Chapters include:

Review Author
Jim Stepanek
Published on
December 3, 2015
Company
Revell, Inc.
Scale
1/25
MSRP
$24.95

The Dan Fink Metalworks Speedwagon is a wonderful car and Revell has made a terrific kit.

Engine

The small block Ford engine goes together very well but has no alternate parts. I guess because the kit represents an actual car. Parts fit and looks good when completed.

Interior

Interior has separate side panels that can be easily detailed due to the excellent engraving.

Body

The body panels fit like they’re supposed to fit without issues. The fenders, tub and hood are separate pieces. Fenders, hood and grille are probably from the Revell ’32 Ford 5 window coupe kit. I chose to use HOK majik blue pearl while the wood panels were hand painted in a 4 step process.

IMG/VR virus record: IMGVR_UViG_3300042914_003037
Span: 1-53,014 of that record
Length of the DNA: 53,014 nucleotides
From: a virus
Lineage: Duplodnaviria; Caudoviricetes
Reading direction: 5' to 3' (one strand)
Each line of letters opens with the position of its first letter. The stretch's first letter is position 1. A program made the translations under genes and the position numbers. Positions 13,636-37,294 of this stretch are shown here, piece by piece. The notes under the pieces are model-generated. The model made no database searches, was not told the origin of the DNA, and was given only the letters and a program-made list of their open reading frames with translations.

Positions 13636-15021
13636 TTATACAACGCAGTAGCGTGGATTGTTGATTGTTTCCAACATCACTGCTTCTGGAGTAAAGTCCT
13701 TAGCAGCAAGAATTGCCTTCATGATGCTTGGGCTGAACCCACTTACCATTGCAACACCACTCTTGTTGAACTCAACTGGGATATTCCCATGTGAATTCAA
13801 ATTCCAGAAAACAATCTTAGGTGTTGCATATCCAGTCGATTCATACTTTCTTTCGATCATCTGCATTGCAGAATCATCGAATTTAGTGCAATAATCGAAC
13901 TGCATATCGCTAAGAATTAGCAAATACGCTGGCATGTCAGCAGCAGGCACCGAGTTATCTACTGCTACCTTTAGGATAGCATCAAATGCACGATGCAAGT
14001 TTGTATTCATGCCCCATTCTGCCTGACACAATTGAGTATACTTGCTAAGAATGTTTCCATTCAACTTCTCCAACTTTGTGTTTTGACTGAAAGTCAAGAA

Chassis

I think the chassis/frame parts were used from another kit – possibly the ’32 Ford 5 window coupe. Nothing wrong with that because it builds just wonderfully.

Review Author
Len Pilhofer
Published on
December 3, 2015
Company
Bronco Models
Scale
1/35
MSRP
$74.99

The Einheits-PKW (German for 'standard passenger cars') were supplied to the Wehrmacht between 1936 and 1943 in the three versions Leichter Einheits-PKW, Mittlerer Einheits-PKW and Schwerer Einheits-PKW (light, medium and heavy passenger car). These vehicles were supposed to replace the civilian vehicles previously procured by the Reichswehr with cross-country mobile vehicles that conformed with military requirements while simplifying logistics and maintenance by using standardized components. The program achieved neither of these goals. (Source: https://www.wikipedia.org) However, if your goal is to build a very highly detailed model in 1/35 of this vehicle (the Kfz 12 version included a tow bar), then this Bronco kit definitely delivers.